Here’s a fun way to start a post…

Ever heard of carcinization?

(You didn’t see that one coming, did you?)

In case you haven’t, here’s the quick definition: Carcinization is the tendency of multiple species to evolve into crab-like lifeforms. Fun! Because this, apparently, is what peak evolutionary performance looks like:

Poor guy’s just begging for some Old Bay.

Anyway, I stumbled across this idea somewhere last week, and I’m writing a random post about it because for the past several days I haven’t been able to get it out of my head. It keeps popping to mind at random times, usually accompanied by a vague sense of existential dread.

Don’t get me wrong. I’m not worried about turning into a crab, myself. Well, I’m not that worried.

But I am worried that the systems we’re swimming in as creators / humans aren’t conducive to the creation of diversity – that they’re incentivizing us all to turn into, for lack of a better word, crabs.

It’s not music-industry specific, but here’s an example I’ve personally seen happen like 16 million times.

  1. A creator starts out making fresh, helpful, exciting content in some random niche – like cast-iron skillet cleaning (love that guy), or Pokémon card trading, or music production.
  2. Over time, the act of growing an audience becomes the creator’s primary focus, displacing their initial passion for their niche. This is natural, because audience growth offers financial and social rewards. But the consequence is that creators spend more time thinking about how to get more TikTok followers than they do thinking about how to clean cast-iron skillets.
  3. The creator becomes really good at building an audience online and less and less of an expert in their original niche.
  4. The creator decides to sell some product (a course, or a membership, or coaching) that helps other creators grow and monetize their own audiences, joining the ranks of 16 million other online business gurus. Now, the creator creates content to help other creators create content.
  5. The creator has become a crab.

You don’t need me to tell you that this type of thing happens in the music industry, too, but I’ll do it anyway.

  • This study suggests that simpler lyrics help songs to chart.
  • This study suggests that musically simple songs sell better.
  • This study suggests that shorter songs are more popular.

To summarize: Over time, popular music is trending shorter and simpler with less and less sonic variance.

Again: Crabs.

My theory is that, fifty years from now, every movie will be about superheroes, every song will be made by an AI model of Jack Antonoff, and the rest of the internet will be owned by Jeff Bezos.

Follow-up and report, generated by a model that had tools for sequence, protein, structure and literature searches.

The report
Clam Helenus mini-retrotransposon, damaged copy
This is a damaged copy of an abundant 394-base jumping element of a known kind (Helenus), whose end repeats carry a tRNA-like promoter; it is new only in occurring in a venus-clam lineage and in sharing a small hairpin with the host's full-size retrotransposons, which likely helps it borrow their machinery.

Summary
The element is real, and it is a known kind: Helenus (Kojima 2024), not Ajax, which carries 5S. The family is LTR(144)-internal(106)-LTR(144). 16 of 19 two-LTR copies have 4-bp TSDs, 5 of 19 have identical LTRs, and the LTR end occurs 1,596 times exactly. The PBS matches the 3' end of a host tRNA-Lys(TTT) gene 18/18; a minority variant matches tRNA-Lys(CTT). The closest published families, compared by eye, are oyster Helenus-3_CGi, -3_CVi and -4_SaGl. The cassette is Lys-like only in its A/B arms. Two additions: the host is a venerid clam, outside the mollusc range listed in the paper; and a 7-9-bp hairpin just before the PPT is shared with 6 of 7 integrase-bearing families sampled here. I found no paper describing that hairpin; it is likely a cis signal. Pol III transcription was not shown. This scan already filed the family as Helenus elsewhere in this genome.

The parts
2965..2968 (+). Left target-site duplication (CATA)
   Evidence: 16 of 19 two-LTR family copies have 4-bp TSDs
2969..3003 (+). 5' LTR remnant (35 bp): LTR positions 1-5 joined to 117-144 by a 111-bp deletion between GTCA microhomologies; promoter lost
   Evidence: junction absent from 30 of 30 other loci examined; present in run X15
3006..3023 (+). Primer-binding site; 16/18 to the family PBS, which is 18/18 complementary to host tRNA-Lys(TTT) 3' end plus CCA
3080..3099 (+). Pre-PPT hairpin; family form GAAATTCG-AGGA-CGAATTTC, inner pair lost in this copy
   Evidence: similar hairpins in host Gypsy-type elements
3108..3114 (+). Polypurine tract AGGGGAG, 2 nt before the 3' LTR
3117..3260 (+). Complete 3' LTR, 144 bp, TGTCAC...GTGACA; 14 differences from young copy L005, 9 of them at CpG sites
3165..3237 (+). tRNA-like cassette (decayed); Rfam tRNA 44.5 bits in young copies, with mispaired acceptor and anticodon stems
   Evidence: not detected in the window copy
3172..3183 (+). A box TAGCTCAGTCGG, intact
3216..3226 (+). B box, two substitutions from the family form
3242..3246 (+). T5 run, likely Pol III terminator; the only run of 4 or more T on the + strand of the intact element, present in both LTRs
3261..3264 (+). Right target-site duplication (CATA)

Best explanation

From a utilitarian perspective, there is nothing wrong with this.

Carcinization, I mean. It’s got its perks.

You can make a lot more money and build a much bigger audience if you talk about making money and building an audience. You can go more viral if you make an 83-second song with one verse and a TikTok-catchy, six-word chorus.

And seriously, that’s great. There really is nothing wrong with making short, four-chord pop songs, or building a business that helps other people build businesses. That kind of stuff works. People want it. It’s helpful.

Crabs get the job done.

But they aren’t beautiful.

And I think that matters, too.

Sometimes, it’s worth stepping back to see if we actually want to move toward the outcomes that our systems are incentivizing.

Like, do you really want to make a bunch of money from your music? Do you really want a million fans?

Or do you want to make beautiful art? Or do you want to connect with real people in deep, meaningful ways?

The choices and outcomes aren’t strictly binary, of course.

Evolution didn’t only make crabs. It also led to flamingoes and Danny DeVito. And our systems don’t only churn out two-minute, four-chord pop songs; somehow, they’ve also led to “Bohemian Rhapsody” and the popularity of banjo music.

You can absolutely create great, unique music and build a big fanbase simultaneously. This isn’t the crustacean-dominated world at the end of The Time Machine yet. We still live in the real, human world of endless, nuanced gray.

It’s just something I’ve been thinking about. I guess you could boil it down to this:

Be aware of what you’re moving toward.

If the goal is to be a crab, then full steam ahead. But if the goal is to be something different, then be careful about which streams you’re swimming in.

I hope that’s helpful, even if it’s not very practical. And mostly I hope that, having written this random diatribe, I can finally stop thinking about freaking crabs.

We’ll see.